I wonder how much people really resent partisanship right now. Folks seem to talk about it negatively, but actually behave more tribally than ever. What seems odd is that Bastin’s most natural constituency is probably Republican – he’s the law & order candidate, and since the two are generally the same policy-wise, folks will probably vote to some extent on culture-war lines. So he may have risked alienating conservatives. Without a coherent coalition, I think Gorton, who’s better-funded and better-known, will defeat him.
McGrath, of course, is running as John McCain. She’ll definitely win Fayette and Madison Counties, which are both higher in population and (generally) historically bluer than the rest of the Sixth District. But Barr will destroy her in the East Kentucky counties of Bath, Fleming, Menifee, and Powell, among others. McGrath won the Democratic nomination this year largely from support outside Lexington, though—Jim Gray won Fayette County handily—so maybe she’ll have enough rural swing voter and urban liberal support to win.
Barr is not charismatic and brings neither federal funding nor national attention to our district, so if he wins in a high turnout environment, it’ll be interpreted as mainly a result of massive outside spending in tandem with the President’s “base” strategy, with which Barr is overtly aligned.
That’s an n retesting point that Rebecca makes about outside spending. Isn’t it true that a lot of McGrath’s advantage headed into voting today is based on donations from outside the 6th district? And more broadly, Will, what can you tell us about spending on city races?
While Gorton was able to raise more than Bastin in the month of September, Bastin has raised more total money and had more money remaining to spend going into the final month leading up to the race. Most of the money that has come into the race in the past moth has come from varying real estate interests, likely in an effort to influence opinions on how to deal with housing within the city. A majority of the spending on the council at large race has also come from real estate interests as it seems that the main focus on that race has become wether the boundaries for development should be expanded in an effort to increase the amount of affordable housing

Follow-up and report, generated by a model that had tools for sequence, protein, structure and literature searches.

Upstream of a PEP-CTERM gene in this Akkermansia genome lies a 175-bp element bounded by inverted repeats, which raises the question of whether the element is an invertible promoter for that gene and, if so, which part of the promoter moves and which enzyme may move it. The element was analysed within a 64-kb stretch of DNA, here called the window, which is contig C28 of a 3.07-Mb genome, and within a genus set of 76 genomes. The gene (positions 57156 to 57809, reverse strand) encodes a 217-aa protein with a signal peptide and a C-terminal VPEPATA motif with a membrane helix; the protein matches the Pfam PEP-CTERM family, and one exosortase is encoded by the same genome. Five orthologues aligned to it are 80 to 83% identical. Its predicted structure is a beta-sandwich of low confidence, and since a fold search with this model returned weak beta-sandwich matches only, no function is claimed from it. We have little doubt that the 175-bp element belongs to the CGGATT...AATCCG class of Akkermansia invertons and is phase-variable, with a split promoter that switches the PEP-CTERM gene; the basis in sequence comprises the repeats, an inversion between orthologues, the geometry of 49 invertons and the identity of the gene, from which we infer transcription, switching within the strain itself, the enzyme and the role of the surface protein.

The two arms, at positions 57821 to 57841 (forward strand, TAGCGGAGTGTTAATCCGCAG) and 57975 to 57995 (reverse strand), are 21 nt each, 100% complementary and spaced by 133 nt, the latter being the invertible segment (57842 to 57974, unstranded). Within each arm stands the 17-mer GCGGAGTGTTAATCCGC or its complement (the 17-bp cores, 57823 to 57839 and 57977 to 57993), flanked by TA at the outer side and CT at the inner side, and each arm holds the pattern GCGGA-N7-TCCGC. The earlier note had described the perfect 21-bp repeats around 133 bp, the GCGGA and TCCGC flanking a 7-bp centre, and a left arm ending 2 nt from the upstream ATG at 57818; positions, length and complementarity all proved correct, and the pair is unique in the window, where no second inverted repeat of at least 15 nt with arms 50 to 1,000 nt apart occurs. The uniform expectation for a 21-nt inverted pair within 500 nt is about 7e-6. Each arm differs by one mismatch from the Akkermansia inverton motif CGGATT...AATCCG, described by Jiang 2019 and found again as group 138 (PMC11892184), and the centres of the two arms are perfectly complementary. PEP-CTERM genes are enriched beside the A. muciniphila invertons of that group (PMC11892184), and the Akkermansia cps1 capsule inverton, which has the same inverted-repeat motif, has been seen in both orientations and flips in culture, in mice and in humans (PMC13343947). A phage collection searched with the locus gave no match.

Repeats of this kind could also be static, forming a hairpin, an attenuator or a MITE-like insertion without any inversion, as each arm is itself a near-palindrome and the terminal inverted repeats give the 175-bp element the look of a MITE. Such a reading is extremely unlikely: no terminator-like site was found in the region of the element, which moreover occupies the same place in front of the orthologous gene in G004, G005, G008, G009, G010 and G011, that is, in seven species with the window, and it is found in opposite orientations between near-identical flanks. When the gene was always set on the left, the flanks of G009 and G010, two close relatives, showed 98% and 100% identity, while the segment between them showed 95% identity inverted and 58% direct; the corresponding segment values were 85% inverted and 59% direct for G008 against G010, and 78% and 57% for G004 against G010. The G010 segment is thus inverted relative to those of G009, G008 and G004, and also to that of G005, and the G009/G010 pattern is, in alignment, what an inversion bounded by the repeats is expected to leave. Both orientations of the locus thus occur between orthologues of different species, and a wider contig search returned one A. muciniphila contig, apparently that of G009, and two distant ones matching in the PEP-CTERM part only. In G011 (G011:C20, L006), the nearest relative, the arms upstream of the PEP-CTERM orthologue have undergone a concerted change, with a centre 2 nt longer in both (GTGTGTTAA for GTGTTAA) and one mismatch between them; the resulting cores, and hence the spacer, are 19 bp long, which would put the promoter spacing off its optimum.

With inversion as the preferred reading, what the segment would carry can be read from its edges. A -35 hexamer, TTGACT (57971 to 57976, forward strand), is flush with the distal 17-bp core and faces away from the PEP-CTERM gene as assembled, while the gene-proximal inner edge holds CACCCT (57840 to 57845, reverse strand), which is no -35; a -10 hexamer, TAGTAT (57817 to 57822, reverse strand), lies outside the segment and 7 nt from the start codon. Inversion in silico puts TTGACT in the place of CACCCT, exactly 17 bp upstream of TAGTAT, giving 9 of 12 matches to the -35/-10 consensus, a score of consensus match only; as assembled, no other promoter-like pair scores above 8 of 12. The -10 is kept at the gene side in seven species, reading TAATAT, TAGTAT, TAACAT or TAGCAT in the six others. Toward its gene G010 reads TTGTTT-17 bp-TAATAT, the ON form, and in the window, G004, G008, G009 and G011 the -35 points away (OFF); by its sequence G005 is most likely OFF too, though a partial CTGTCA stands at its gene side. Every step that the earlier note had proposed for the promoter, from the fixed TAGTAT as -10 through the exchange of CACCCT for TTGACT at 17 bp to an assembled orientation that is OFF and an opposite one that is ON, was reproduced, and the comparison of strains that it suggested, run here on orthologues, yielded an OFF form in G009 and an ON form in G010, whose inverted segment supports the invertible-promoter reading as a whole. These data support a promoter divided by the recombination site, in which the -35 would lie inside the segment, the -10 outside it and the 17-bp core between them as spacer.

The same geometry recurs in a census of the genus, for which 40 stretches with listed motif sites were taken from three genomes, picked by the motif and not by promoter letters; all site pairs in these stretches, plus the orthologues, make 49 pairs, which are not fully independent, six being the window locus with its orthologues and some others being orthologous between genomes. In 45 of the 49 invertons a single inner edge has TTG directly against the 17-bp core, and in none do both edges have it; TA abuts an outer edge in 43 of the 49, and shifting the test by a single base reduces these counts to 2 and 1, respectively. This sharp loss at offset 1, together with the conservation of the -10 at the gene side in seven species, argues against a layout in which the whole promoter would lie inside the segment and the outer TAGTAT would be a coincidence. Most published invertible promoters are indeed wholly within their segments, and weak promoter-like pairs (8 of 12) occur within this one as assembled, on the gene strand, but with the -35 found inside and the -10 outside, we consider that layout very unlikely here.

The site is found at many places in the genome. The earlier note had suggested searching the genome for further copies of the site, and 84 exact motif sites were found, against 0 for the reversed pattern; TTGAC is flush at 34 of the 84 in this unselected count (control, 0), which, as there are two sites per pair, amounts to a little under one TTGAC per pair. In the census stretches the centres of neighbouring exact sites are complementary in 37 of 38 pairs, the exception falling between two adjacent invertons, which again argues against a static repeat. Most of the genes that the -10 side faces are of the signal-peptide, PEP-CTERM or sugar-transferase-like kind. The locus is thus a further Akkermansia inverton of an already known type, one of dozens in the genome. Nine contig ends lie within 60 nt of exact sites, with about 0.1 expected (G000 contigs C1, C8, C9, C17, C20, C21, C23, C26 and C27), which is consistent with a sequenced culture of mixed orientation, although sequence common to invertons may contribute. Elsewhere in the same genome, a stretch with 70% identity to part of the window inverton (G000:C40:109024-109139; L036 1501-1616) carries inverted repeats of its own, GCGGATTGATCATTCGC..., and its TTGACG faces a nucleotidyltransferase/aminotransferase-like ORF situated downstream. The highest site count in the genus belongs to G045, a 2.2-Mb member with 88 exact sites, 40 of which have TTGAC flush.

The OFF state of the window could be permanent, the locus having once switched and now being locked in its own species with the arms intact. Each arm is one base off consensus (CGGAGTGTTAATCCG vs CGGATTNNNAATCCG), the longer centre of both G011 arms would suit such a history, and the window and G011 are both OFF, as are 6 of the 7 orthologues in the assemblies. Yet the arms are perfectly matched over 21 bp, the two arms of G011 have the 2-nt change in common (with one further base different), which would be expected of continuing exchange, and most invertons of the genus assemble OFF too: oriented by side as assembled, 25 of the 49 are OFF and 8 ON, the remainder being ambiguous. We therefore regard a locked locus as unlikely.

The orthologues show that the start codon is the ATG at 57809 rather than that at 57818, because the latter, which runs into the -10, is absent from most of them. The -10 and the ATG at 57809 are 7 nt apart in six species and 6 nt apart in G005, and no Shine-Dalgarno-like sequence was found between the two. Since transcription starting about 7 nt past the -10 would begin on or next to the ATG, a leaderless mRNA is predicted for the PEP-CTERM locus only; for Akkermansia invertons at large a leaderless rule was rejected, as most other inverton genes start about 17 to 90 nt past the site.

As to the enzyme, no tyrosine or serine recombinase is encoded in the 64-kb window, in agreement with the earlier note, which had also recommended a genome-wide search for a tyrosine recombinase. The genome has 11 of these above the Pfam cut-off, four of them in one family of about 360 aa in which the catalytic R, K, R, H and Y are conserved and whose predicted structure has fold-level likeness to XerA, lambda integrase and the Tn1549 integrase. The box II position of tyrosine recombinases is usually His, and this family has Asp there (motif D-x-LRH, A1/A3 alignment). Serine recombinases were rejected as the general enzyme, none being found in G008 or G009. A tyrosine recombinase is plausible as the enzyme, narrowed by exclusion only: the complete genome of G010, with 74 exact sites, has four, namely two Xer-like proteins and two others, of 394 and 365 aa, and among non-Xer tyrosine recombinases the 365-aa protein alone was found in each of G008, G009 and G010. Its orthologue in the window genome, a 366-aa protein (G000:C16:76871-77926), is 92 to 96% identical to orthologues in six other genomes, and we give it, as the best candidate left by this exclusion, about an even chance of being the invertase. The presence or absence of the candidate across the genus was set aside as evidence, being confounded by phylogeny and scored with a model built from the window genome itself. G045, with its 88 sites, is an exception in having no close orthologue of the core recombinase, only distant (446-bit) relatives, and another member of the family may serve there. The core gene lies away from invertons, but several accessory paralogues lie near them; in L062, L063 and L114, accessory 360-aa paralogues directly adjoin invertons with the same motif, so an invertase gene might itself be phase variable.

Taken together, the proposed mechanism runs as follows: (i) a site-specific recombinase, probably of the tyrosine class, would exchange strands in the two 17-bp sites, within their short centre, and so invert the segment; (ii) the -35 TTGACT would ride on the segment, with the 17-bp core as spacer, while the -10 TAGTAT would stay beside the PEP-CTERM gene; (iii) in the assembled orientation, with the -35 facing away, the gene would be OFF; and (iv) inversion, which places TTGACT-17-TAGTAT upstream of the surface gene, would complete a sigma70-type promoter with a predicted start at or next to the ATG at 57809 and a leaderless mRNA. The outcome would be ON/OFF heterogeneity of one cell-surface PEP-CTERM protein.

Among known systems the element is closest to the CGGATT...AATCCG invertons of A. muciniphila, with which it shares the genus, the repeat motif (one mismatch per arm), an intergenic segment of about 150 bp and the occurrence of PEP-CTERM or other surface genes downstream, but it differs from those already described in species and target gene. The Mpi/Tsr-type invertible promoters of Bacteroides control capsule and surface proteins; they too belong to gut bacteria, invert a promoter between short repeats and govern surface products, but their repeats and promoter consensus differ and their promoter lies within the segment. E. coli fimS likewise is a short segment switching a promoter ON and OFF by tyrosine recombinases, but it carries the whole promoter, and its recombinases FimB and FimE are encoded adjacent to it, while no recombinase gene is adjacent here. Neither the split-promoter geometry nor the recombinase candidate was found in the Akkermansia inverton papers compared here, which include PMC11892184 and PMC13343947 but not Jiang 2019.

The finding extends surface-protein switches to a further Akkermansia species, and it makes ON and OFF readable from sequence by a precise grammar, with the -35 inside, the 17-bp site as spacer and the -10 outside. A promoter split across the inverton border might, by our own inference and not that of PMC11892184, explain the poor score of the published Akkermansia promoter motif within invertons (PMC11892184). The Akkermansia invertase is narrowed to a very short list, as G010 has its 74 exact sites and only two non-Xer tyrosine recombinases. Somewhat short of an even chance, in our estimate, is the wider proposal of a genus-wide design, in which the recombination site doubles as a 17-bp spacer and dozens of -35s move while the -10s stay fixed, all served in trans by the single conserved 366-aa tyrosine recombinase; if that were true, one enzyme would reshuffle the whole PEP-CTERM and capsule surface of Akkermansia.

McGrath raised 60% more than Barr did for their actual campaigns – a 3 million dollar difference. Barr benefited from about 3.5 million in outside spending, while McGrath had about 1.5 million. So it wouldn’t be technically correct to say that McGrath had more in outside spending, though it’s possible that either candidate is receiving lots of donations to their campaign funds from outside the district.
(Herald-Leader is the source on those numbers.)
And FEC reporting rules are pretty lax, so it’s hard to track spending by outside groups, right?
Yeah, these numbers are from the five groups we know for sure have been backing the two, including the Congressional Leadership Fund (Republican House PAC) and the House Majority PAC (Democratic House PAC). But there probably is more dark money that we don’t know about, given how close this race is.